Joe Biden is a War Criminal who is complicit in the crimes that took place in Iraq. He claims he was misled. Well he was a senator in the US Senate, then he was a Vice President and now he is a sitting president. If he was misled, he certainly has had the power to punish those who misled him. Instead, he pins a medal on Bully Boy Bush. And he goes after a journalist namedJulian Assange.
The full US government weight -- and our tax dollars -- are being put behind punishing someone for the Iraq War and it's not someone who voted for it, supported it or advocated for it or hid the truth from the American people, it's an Australian journalist who told the truth.
Joe Biden is a pathetic president. If he continues to attack the First Amendment, he will go down in history as the worst president,
John Kiriakou (SCHEER POST) notes of the gulag at Guantanamo:
And it wasn’t just U.S. law that prohibited what the CIA was about to do. It was also the United Nations. The United Nations Convention Against Torture and Other Cruel, Inhuman, or Degrading Treatment or Punishment—of which the United States was the primary author and an original signatory—specifically defined and banned anything approaching “enhanced interrogation techniques. Article 1 states,
“torture means any act by which severe pain or suffering, whether physical or mental, is intentionally inflicted on a person for such purposes as obtaining from him or a third person information or a confession, punishing him for an act he or a third person has committed or is suspected of having committed, or intimidating or coercing him or a third person, or for any reason based on discrimination of any kind, when such pain or suffering is inflicted by or at the instigation of or with the consent of acquiescence of a public official or other person acting in an official capacity.”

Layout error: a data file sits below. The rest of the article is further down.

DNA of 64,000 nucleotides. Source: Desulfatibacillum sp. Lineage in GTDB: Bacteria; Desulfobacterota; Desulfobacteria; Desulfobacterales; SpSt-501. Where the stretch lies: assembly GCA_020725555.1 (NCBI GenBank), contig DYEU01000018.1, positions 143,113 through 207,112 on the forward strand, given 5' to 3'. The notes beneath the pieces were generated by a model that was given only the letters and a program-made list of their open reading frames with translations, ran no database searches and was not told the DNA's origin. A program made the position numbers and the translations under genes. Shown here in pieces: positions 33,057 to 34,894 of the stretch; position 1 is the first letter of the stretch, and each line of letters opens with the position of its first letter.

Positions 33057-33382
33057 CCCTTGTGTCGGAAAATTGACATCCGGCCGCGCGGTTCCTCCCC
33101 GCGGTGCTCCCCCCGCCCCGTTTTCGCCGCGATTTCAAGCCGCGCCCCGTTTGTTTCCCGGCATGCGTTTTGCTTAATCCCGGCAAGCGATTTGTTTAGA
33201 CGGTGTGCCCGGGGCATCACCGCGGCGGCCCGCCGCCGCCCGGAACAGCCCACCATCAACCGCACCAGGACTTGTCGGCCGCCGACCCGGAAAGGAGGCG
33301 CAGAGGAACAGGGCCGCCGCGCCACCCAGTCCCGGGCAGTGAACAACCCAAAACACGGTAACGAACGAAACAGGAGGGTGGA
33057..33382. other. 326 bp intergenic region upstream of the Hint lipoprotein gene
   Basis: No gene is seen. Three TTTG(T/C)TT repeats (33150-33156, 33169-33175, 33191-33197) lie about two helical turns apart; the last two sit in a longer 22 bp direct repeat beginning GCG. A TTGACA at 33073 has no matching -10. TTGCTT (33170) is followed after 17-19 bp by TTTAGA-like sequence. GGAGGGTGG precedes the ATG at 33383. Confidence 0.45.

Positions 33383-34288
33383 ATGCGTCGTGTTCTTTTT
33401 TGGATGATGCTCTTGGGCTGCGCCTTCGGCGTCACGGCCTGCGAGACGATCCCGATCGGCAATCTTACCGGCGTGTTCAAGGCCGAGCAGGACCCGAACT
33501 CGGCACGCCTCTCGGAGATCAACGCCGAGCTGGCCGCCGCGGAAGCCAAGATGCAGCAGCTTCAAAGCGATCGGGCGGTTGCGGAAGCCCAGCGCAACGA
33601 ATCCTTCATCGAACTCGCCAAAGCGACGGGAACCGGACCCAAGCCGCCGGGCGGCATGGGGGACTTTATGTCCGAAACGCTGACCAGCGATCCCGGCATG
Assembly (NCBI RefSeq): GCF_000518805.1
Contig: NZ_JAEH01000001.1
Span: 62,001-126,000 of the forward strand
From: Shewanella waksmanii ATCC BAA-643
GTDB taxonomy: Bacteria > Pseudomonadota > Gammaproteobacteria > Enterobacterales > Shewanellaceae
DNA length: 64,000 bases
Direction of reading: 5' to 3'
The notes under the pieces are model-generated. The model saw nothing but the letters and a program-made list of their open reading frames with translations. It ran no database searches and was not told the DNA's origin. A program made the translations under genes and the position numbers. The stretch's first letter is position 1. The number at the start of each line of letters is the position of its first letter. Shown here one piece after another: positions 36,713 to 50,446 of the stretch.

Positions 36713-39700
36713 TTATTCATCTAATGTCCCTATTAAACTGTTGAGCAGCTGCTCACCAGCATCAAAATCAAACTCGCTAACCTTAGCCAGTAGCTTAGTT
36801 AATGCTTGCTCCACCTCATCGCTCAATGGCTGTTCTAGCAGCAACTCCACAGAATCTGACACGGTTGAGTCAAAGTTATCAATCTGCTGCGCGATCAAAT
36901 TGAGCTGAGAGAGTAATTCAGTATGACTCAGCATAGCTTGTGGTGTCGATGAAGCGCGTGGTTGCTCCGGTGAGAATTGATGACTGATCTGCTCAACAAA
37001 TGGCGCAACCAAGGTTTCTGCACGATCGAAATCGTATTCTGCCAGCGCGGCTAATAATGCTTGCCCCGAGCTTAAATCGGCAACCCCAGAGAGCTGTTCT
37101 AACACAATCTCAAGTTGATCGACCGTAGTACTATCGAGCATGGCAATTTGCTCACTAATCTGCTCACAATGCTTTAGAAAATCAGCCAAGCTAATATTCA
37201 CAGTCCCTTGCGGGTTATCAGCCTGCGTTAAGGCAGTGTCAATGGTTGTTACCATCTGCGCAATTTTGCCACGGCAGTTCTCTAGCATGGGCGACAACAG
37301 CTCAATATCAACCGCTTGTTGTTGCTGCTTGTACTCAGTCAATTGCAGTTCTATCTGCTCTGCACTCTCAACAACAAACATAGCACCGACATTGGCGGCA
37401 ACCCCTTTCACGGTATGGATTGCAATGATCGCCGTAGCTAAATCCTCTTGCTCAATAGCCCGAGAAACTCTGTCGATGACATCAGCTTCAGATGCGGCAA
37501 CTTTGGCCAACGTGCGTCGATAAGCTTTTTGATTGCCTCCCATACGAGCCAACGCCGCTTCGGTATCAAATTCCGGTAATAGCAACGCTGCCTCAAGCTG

Meanwhile, the CIA, fully cognizant of what it was getting into, was making contingency plans for Abu Zubaydah’s potential death in custody. Senate investigators reported on a July 15, 2002 cable to CIA headquarters from the detention site saying,
“If [Abu Zubaydah] develops a serious medical condition which may involve a host of conditions including a heart attack or other catastrophic type of condition, all efforts will be made to ensure that proper medical care will be provided to [him’. In the event [Abu Zubaydah] dies, we need to be prepared to act accordingly, keeping in mind the liaison equities involving our hosts.”
If he were to die in custody, the cable said, Abu Zubaydah would be cremated and scattered. It went on,
“…regardless which [disposition] option we follow, however, and especially in light of the planned psychological techniques to be implemented, we need to get reasonable assurances that [Abu Zubaydah] will remain in isolation and incommunicado for the remainder of his life.”